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Homage-heavy ‘American Dream’ re-tools LCD Soundsystem

James Murphy drops ambitious tribute to fallen artists, critiques American values in reunion album

“Look what happened when you were dreaming / And then punch yourself in the face.” So begins the eponymous song off “American Dream,” the much-anticipated reunion album by the electronic alternative rock outfit LCD Soundsystem. The lyric reads like a call for reflection in the wake of the six years that have eclipsed since LCD Soundsystem’s initial 2011 break-up — a disbandment defined by an accompanying farewell show at Madison Square Garden. For the alternative crowd, the group’s now-legendary concert, organized by LCD Soundsystem frontman James Murphy emulates The Beatles’ “Let It Be” 1970 rooftop performance in its import. Selling out instantly, the nearly four-hour-long set drew tens of thousands of Converse-clad fans and cemented the band’s synthy, stimulant-ridden sound into rock ‘n’ roll’s canon.      

In retrospect, it’s hard not to see it all as a masterfully executed publicity stunt. In 2015, after delighting in the money and surge of popularity brought about by that “final” performance, the band promptly reunited. Murphy is clearly no stranger to this kind of deliberate brand-building. As anthologized in “Meet Me In The Bathroom” — Lizzy Goldman’s recently released oral history of the 2000s rock — Murphy had an illustrious career as lead producer for DFA Records before forming his own musical project in his thirties. That project, LCD Soundsystem, made waves early on with tracks like “Losing My Edge” and “Daft Punk Is Playing at My House.” These songs showcased Murphy’s supreme technicality and his characteristically ironic and referential bent. Yet, as Goodman’s book documents, this rapid success was not achieved without cunning and deceit. Through the evisceration of countless bands’ careers, Murphy established himself as a virtuosic veteran capable of making incredible music and navigating a cutthroat industry. For what it is worth, Murphy may very well be the alt-rock analogue to Kanye West in ego and artistry.

“American Dream” takes Murphy’s musical prowess and self-mythologizing to new heights. Technically the fourth album under the LCD Soundsystem name, the record might as well be a solo one, as the singer-songwriter-producer remains at the helm of almost all of the album’s instrumentation and production. Every track on the album revels in both explicit and implicit references. Perhaps egotistically, Murphy attempts to both emulate talents of and equate his musical chops with departed creative giants like David Bowie and Leonard Cohen.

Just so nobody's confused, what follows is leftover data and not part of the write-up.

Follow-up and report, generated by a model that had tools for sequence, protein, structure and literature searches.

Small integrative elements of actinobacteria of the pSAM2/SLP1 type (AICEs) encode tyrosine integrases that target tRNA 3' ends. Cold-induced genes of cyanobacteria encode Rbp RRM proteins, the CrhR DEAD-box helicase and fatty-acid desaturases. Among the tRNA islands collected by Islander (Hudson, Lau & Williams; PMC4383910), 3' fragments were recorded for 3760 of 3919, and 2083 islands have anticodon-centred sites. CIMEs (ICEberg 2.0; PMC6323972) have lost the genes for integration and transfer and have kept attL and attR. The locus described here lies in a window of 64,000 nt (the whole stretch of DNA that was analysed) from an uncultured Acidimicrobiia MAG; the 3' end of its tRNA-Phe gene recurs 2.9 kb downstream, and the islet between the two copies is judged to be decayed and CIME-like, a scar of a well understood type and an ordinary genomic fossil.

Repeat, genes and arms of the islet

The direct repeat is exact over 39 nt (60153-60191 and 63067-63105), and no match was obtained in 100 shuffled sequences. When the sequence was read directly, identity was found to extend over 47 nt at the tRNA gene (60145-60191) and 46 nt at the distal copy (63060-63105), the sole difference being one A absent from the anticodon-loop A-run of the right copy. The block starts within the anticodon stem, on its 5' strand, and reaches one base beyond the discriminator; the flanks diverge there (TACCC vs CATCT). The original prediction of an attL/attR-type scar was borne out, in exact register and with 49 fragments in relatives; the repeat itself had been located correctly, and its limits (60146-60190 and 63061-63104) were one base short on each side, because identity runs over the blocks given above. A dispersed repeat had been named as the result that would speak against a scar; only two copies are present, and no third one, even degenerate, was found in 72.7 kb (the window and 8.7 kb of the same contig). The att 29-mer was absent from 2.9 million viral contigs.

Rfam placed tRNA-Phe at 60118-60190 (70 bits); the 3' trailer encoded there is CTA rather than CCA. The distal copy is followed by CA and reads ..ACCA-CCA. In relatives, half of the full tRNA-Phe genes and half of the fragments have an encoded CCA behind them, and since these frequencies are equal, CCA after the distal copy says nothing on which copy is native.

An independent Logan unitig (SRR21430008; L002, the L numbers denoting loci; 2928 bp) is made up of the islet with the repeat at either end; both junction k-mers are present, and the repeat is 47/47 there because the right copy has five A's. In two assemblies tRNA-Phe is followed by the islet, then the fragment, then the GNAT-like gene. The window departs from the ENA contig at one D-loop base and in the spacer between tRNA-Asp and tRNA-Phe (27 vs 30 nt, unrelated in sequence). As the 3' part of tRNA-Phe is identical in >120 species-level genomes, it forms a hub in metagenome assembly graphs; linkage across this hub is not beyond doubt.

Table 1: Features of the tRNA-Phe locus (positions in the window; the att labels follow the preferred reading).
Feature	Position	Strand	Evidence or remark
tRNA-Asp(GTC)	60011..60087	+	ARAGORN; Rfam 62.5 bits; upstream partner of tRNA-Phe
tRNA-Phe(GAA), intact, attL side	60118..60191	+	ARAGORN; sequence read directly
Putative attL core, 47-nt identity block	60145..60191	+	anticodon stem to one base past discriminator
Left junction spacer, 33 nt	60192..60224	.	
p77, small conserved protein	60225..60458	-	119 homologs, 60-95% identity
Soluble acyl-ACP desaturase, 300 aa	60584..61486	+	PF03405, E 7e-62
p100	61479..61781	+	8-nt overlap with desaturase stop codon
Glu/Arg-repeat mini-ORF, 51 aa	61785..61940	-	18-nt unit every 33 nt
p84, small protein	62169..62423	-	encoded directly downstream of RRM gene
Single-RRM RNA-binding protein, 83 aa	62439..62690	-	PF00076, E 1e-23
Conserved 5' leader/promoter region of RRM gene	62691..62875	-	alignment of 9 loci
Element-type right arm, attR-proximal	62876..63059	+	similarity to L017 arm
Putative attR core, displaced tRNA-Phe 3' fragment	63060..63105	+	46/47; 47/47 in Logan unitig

The LP’s opening song “Oh Baby” echoes the sultry vocals and synths of the ’70s electronic group Suicide, while the lyrics to closing track “Black Screen” play out as a thinly-veiled ode to Bowie’s death. In the hands of basically anyone else, such a move would be setting the stakes unreasonably high. But Murphy capably approaches rock greats, transcending mere imitation for an incredible sound at once new and old.

LCD Soundsystem has always made alternative music that you could actually dance to, full of sharp drum fills and manic synth lines. But “American Dream” takes a decidedly more subdued turn, tending instead towards drawn-out soundscapes and layered textures. Both honoring and slandering the traditional social ideals encapsulated by the album’s title, Murphy avoids tossing barbs at easy targets like political figures and the media. Instead, Murphy looks inward, analyzing his own experiences both living out and failing to realize the American Dream.

On standout track “Tonite,” Murphy’s lyrics continue to grapple with his successes and shortcomings in scrutinizing his and others’ actions over the course of one sad night. In this respect, he triumphs over his contemporary Father John Misty, whose 2017 LP sunk under pretentious generalities. Taken alone, the straightforward lyrics could be read as terrible poetry. But from Murphy’s limited yet evocative register, the words more than compensate for their simplicity.    

There are no immediate hits to be found on “American Dream.”The somber and glacial record invites rumination rather than celebration, hitting listeners like a profound “punch to the face” after repeated, focused listening. On the LP, Murphy cements his status as one of alternative’s finest, shining through the static that obscures his personal and creative talents more than ever before.


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